I'm implementing a WiFi HTML web server using the WiFiNINA library, an Adafruit Airlift ESP32 coprocessor, and a Teensy 3.5. It's starting to work, but I have a couple of questions. This simplified code will illustrate the first.

#include <WiFiNINA.h>
#include "Wifi_names.h"

WiFiServer server(80);

void error (const char *msg) {
   while (1) ; }

void setup(void) {
   while (!Serial) ;
   WiFi.setPins(19, 20, 21, -1, &SPI);
   if (WiFi.status() == WL_NO_SHIELD) error("no Wifi shield");
   Serial.print("ESP32 firmware version: "); Serial.println(WiFi.firmwareVersion());
   while (WiFi.status() != WL_CONNECTED) ;
   Serial.print("connected, IP address is ");
   Serial.println(WiFi.localIP()); }

void show_client(const char *msg, WiFiClient *pclient) {
   Serial.print(msg); Serial.print(":");
   if (*pclient) {
      Serial.print(" IP "); Serial.print(pclient->remoteIP());
      Serial.print(" port "); Serial.print(pclient->remotePort()); }
   else Serial.print("none");
   Serial.println(); }

void check_for_another_client(const char *msg) {
   WiFiClient newClient;
   newClient = server.available();
   show_client(msg, &newClient); }

void loop(void) {
   WiFiClient client;
   while (!(client = server.available())) ;
   Serial.print("\n time: "); Serial.println((float)millis()/1000);
   show_client("client 1", &client);
   check_for_another_client("client 2");
   while (client.available() == 0) ;  // wait for data
   check_for_another_client("client 3");
   Serial.print("client 1 data read: "); Serial.println(client.read(), HEX); // read the data
   check_for_another_client("client 4");
   while (client.available()) client.read(); // flush the rest of the input
   client.stop(); // abort the connection

The output is:

ESP32 firmware version: 1.2.2
connected, IP address is

 time: 43.22
client 1: IP port 62346
client 2: IP port 62346
client 3:none
client 1 data read: 47
client 4:none

The question is: why does server.available() continue to say that I have new connections until there is some data available on the connection it already gave me? What if a second connection arrives after the 3-way TCP connection establishment handshake (SYN, ACK/SYN, ACK) but before any data arrives? How do I get that second connection?

The second question, which is related, is illustrated by the Sniffer trace of that transaction:

179 *REF*  TCP  66  62346 → 80 [SYN] Seq=0 Win=64240 Len=0 MSS=1460 WS=256 SACK_PERM=1
180 0.000239  TCP  66  62347 → 80 [SYN] Seq=0 Win=64240 Len=0 MSS=1460 WS=256 SACK_PERM=1
183 0.039352  TCP  58  80 → 62346 [SYN, ACK] Seq=0 Ack=1 Win=5744 Len=0 MSS=1436
184 0.039431  TCP  54  62346 → 80 [ACK] Seq=1 Ack=1 Win=64240 Len=0
185 0.039602  HTTP 488 GET / HTTP/1.1 
195 0.278592  TCP  54  80 → 62346 [ACK] Seq=1 Ack=435 Win=5310 Len=0
197 1.053036  TCP  54  80 → 62346 [FIN, ACK] Seq=1 Ack=435 Win=5310 Len=0
198 1.053146  TCP  54  62346 → 80 [ACK] Seq=435 Ack=2 Win=64240 Len=0
199 1.053600  TCP  54  62346 → 80 [FIN, ACK] Seq=435 Ack=2 Win=64240 Len=0
200 1.060248  TCP  54  80 → 62346 [ACK] Seq=2 Ack=436 Win=5309 Len=0

The request is from the Chrome browser. As you can see, it tries to establish two simultaneous TCP connections from two different source ports, 62346 and 62347, because it will use the second one for embedded images. But WiFiMINA never accepts that connection with the 3-way handshake, and never gives it to me. Chrome will resend the second SYN packet three seconds later, but as long as the first connection is still active, WiFiMINA continues to ignore it.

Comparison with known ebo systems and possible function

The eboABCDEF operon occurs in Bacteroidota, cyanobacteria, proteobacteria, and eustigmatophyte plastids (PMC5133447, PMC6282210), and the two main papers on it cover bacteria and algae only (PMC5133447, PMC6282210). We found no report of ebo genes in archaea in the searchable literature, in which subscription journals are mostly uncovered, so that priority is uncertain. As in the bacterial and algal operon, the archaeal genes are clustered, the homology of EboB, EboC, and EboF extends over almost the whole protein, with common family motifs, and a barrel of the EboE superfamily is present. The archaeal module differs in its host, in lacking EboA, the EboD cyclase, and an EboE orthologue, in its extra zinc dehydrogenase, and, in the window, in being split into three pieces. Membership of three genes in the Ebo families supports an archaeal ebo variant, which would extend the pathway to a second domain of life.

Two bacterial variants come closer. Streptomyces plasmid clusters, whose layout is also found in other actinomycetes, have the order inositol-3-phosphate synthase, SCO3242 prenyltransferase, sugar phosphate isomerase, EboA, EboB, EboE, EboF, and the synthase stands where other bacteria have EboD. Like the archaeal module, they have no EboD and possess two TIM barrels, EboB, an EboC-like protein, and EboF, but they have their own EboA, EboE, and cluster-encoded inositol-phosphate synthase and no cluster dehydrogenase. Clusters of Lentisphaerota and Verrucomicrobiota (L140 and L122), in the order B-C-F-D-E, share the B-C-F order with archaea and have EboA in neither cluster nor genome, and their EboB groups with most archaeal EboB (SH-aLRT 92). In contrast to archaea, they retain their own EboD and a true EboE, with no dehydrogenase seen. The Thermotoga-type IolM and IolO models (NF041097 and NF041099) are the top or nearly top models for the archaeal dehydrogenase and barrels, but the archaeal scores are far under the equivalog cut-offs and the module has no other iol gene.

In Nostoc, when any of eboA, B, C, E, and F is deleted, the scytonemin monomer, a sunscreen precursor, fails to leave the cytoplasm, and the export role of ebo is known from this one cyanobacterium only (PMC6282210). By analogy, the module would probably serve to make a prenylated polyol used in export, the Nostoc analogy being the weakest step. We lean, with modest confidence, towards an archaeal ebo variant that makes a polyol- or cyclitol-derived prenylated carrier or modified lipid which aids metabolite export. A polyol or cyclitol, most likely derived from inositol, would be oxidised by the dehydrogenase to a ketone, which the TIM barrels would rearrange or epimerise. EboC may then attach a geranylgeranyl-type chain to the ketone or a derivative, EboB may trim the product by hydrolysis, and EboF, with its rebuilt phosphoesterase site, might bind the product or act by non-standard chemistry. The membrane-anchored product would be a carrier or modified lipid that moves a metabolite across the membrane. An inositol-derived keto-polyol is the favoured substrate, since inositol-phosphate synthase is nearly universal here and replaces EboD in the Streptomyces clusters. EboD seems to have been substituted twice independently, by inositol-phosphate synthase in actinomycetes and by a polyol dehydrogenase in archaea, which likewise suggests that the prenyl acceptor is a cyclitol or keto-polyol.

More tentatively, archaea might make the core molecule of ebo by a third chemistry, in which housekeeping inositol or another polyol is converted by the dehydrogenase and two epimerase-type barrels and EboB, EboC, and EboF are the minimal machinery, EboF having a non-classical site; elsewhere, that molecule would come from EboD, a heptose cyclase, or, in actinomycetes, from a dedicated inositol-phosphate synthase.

How can you accept two simultaneous TCP connections on different source ports from the same client? That's required for Chrome.

1 Answer 1


The server.available() in Arduino networking libraries returns always the first connected client. This is in contrary with ESP8266 and ESP32 WiFi libraries for Arduino. They flag the returned connection as claimed and don't return it again. If the WiFiClient on ESP goes out of scope it is closed. In Arduino libraries you must stop() the Client to close the connection and free the 'socket'.

The Arduino Ethernet library has a new function not adopted yet by the WiFi libraries. It is server.accept(). It marks the connection as accepted and the next call doesn't return the same client. The sketch is still responsible to call stop(). The use of accept() is demonstrated in AdvancedChatServer example of the Ethernet library 2.00.

What you can do? Get the connection (WiFiClient), handle the request, send the response and stop() the connection. Then handle the next Client. Set Expires header to let browser cache the static files.

  • "The server.available() in Arduino networking libraries returns always the first connected client." That doesn't seem to be the case for WiFiMINA. It's true the first time I call it in my example after connection ("Client 2"), but then as soon as data is available on the connection, server.available() returns zero. Aug 27, 2019 at 21:18
  • Your suggestion to "...handle the request, send the response and stop()" won't work for Chrome, because by that time the library has already ignored the SYN packet establishing the second connection. Besides, Chrome expects both connections to be open at the same time. That's a totally legitimate use of the TCP/IP protocol. Aug 27, 2019 at 21:26
  • but the TCP listening socket is on the ESP32. it should handle the TCP part of establishing the TCP connection. and then the connection should wait until the sketch gets to it
    – Juraj
    Aug 28, 2019 at 5:22
  • I agree, it should. But it doesn't seem to. Notice that it never responds to packet 180, which is trying to establish a connection from port 62347. Is there anything I could be doing wrong that causes it not to? Aug 28, 2019 at 5:40

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